The nutritional benefit of complementary feeds and their introduction needs to be appraised against their impact on breastfeeding, and against the nutritional needs of the infant particularly with respect to essential micronutrients such as iron and zinc and lipids. In this context, the crucial characteristics of complementary feeds are their nutrient density and the bioavailability of the essential nutrients.
The significance for later health, including through to adulthood, of complementary feeding practice and of body size and composition in infancy is not known. Neither is the ideal body composition. As yet, there is not much evidence that the nature of complementary feeding practice influences long-term health. It probably influences immune function and the development of atopy and enteropathies: and, it seems reasonable to hypothesize that it could influence, among other things, substrate metabolism, taste acquisition, appetite control, and psychomotor development.
A major difficulty in attributing outcomes to complementary feeds is that of determining to what extent they are modified by the child being given formulas or being breastfed. Furthermore, maternal nutrition both prenatally and postnatally may also have an effect on the growth and development of the infant and on the composition of breast milk. The relative impacts of these factors need to be better characterized. It is also possible, for example, that breastfeeding might modulate the pathogeneses of atopic disease and enteropathies, inasmuch as these may be related to a child not being breastfed, as well as being exposed to allergens. The increasing prevalence of such diseases in developed countries might, paradoxically, be in part the consequence of reduced exposure to adventitious environmental microbiologic hazards and allergens.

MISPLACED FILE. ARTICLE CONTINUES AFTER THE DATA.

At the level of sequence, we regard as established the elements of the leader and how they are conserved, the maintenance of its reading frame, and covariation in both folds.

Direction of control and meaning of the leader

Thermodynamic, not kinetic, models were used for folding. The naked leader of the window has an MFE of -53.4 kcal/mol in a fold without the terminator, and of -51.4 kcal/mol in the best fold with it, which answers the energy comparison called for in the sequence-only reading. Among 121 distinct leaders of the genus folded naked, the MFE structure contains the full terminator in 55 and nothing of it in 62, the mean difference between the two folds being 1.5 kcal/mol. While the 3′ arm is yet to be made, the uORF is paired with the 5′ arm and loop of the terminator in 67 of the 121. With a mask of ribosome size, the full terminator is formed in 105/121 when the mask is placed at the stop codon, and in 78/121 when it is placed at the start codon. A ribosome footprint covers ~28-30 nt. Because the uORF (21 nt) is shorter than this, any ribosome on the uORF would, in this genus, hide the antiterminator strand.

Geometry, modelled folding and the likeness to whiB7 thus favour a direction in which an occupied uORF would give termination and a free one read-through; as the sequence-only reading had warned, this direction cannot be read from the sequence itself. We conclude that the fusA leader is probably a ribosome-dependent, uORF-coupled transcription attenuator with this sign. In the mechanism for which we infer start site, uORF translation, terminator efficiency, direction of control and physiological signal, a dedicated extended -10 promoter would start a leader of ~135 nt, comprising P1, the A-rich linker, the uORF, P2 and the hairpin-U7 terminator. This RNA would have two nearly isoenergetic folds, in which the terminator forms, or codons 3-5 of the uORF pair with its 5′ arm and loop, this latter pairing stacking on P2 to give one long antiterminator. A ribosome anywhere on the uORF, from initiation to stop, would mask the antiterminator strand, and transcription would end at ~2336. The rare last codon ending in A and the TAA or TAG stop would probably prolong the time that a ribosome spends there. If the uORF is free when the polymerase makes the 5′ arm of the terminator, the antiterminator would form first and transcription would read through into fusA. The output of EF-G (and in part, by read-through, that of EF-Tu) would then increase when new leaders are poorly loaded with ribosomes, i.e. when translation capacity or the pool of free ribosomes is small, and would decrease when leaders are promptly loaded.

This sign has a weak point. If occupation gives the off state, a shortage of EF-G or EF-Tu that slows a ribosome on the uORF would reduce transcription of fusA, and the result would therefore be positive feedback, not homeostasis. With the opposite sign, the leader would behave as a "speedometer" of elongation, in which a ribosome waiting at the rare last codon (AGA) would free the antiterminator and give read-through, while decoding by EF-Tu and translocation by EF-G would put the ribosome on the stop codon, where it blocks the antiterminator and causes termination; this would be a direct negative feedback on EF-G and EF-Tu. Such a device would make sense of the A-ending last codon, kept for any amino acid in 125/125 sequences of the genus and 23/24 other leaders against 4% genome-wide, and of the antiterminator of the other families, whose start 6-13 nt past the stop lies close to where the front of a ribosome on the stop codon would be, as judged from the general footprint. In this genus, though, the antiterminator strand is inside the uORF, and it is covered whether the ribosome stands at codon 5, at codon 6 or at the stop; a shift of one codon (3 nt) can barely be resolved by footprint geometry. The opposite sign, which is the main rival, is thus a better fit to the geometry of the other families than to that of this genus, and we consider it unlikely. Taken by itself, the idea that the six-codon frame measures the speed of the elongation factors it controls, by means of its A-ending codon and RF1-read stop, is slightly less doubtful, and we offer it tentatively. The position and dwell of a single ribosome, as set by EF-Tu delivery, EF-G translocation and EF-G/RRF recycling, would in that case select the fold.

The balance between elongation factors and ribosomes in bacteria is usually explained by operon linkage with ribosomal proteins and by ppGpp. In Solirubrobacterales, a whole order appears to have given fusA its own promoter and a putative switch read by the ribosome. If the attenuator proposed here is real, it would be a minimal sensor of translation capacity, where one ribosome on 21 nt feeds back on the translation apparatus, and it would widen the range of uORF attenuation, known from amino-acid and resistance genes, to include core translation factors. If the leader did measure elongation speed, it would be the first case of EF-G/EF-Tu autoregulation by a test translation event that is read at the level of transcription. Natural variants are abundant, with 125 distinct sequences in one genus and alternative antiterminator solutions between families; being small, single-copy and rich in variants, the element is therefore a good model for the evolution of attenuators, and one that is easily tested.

Each contributor's selected research issues are listed in this supplement. As an overview, those listed below highlight the breadth and the interdisciplinarity of the work, which is needed.
How should “optimal” growth and body composition during infancy be defined and appraised? Long-term studies are needed of functional outcomes related to growth and body composition during the period of complementary feeding and to complementary feeding itself.
How does complementary feeding influence the development of taste and smell and appetite control?
What impact does complementary feeding have on the development of immunotolerance, enteropathies, and atopic disease?
Does complementary feeding affect metabolic imprinting or programming?
Is health in later life influenced by complementary feeding?
Does the timing of introduction or amount of complementary foods affect breast milk frequency and intake, and the duration of breastfeeding?
How does complementary feeding interact with and influence the physiologic maturation and metabolic competence of infants to digest, absorb, and metabolize nonbreast milk and non–formula-based foods?
What are the accurate nutrient requirements during infancy?
What strategies would improve nutrient supply and bioavailability in complementary foods?
Should complementary foods be different for breastfed and formula-fed infants?
What are the potentially modifiable constraints to adoption of parenting practices that are geared to children's developmental and nutritional needs, and to the maintenance of food safety?
This meeting was convened by Kim Fleischer Michaelsen, MD, and Peter Aggett. We both thank the International Paediatric Association, and the European Society of Paediatric Gastroenterology, Hepatology, and Nutrition for endorsing this workshop, and Professor Jacques Schmitz (Executive Director of the International Paediatric Association) for his constant support and encouragement. We thank particularly Jane McCullough of the International Paediatric Association office for taking such good care of the meeting and its participants, and for making sure that things happened, and Brian Wharton, MD, for accepting the major burdens of drawing together these proceedings.
The meeting was sponsored by the Infant Food Manufacturers. This was made clear to all participants. We are grateful to the Infant Food Manufacturers both for this support and for respecting the wish of the organizers that participants from industry should not be involved in the meeting or in the subsequent development of these proceedings.
- Received May 17, 2000.
- Accepted August 3, 2000.
- Address correspondence to Professor Peter J. Aggett, University of Central Lancashire, Lancashire Postgraduate School of Medicine and Health, Preston, United Kingdom PR1 2HE. E-mail:
- Copyright © 2000 American Academy of Pediatrics